• Use a clear job title: Use the proper job title that will convey best what the employee will be doing. Having the incorrect job title (IT Specialists when you are looking for Back-end Software Developer) will lead to a great deal of frustration for both parties involved.
  • Be concise with the job requirements: List only what is required and expected, and avoid unimportant information such as detail about who reports to whom or unimportant administrative policies. Most developers are very independent, so their focus will primarily be on finding job descriptions that match their area of expertise.
  • Emphasize your company story: Telling your story in a compelling way speaks to your company's goals, vision and culture. This will help attract candidates with shared interests.
  • Make the process easy: Do not make it overly complicated to submit interest or to find information about you and your company. In fact, considering leverage the same platforms that tech talent use every day, such as allowing contact through GitHub or LinkedIn.
  • Respond to everyone: Even an auto-response email notifying the candidates that their information was received is better than no response at all. Just be courteous.

Determine rate of pay

Tech talent is not cheap, and justifiably so. To get an understanding of the level of compensation you need to provide, research similar tech jobs in your area through resources such as Glassdoor, Salary.com or Payscale.com.

Keep in mind, however, that while some tech talent seeks and can demand significant salaries, many will consider other forms of compensation, such as health benefits, flexible time or the ability to work remotely.

Schroll points out that some aggressive startups use equity as a tool to attract talent, though equity is always structured in a vesting schedule, or the idea that ownership is granted over an agreed amount of time rather than all up front. Most vesting schedules are four years with a minimum service of one year before anything is granted, but there are many ways to creatively structure them. A few popular approaches are as follows:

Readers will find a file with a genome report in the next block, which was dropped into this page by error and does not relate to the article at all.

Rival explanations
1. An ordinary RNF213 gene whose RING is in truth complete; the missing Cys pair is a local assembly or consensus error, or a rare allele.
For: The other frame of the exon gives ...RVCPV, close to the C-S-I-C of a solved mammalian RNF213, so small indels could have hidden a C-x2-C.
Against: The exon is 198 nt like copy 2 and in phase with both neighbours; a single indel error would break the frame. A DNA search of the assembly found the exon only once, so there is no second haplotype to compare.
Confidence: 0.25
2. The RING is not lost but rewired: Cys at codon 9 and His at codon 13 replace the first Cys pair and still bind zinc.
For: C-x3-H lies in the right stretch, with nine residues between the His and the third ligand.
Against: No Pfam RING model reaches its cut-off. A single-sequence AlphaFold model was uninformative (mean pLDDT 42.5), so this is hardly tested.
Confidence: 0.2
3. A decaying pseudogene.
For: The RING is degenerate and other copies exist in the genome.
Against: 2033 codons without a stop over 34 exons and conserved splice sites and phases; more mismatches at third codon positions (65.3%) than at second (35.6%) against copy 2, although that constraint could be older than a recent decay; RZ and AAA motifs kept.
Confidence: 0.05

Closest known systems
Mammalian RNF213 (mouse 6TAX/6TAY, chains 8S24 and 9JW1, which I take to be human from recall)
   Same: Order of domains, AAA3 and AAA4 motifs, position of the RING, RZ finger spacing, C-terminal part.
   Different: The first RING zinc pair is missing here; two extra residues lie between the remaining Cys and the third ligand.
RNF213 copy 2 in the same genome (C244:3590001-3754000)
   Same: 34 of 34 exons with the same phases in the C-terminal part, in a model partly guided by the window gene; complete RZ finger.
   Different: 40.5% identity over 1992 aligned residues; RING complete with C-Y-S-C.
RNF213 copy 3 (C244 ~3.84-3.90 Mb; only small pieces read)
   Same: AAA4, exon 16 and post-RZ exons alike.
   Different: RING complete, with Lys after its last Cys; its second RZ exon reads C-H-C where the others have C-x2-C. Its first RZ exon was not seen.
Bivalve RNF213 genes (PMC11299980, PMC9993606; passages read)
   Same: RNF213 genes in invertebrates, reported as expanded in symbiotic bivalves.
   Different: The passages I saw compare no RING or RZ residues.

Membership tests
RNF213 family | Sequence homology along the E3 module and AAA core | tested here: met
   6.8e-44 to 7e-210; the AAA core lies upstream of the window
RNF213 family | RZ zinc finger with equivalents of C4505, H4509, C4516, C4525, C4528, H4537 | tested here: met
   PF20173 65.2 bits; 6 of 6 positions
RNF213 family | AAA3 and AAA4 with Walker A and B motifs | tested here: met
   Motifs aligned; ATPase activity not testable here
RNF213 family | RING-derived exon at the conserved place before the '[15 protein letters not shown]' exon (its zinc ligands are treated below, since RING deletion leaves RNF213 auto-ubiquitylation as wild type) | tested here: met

• Lump sum: Your company agrees to grant equity to the employee after the employee has worked and performed for a set period of time. If an employee leaves or is terminated (with just cause) before this time has passed, all ownership is forfeited.
  • Gradual: Your company agrees to grant equity to the employee gradually over a set period of time, such as 25 percent at the conclusion of each full year for four years. You may also consider a schedule that grants bi-annually or even each month.
  • Alternative methods: If your company has plans to sell or be acquired, you might consider granting 50 percent of granted shares after an agreed upon period of time, then the final 50 percent upon sale of the company.

Again, vesting schedules can get creative, and the most important thing to keep in mind is that both parties are satisfied and comfortable with the arrangement. Of course, granting equity to an employee is complicated and if not set up properly can cause problems in future rounds of fundraising, so you should seek legal advice before you endeavor to do so.

Schroll also encourages employees that have received granted stock through a vesting schedule (as opposed to stock options) during the startup stages to consult their accountants and complete and submit an IRS Section 83(b) Form within 30 days of the issuance of the stock.

With an understanding of your needs and the expectation of experienced tech talent, you can more effectively target your candidates and avoid wasting too much of your (and their) time, energy and resources.

Do you have other tips for finding top tech talent? Please share with others below in the comments section below.

Related: How to Hire the Absolute Best Talent for Tech Jobs

Peter Gasca

Management and Entrepreneur Consultant

Peter Gasca is an author and consultant at Peter Paul Advisors. He also serves as Executive-in-Residence and Director of the Community and Business Engagement Institute at Coastal Carolina University. His book, One Million Frogs', details his early entrepreneurial journey.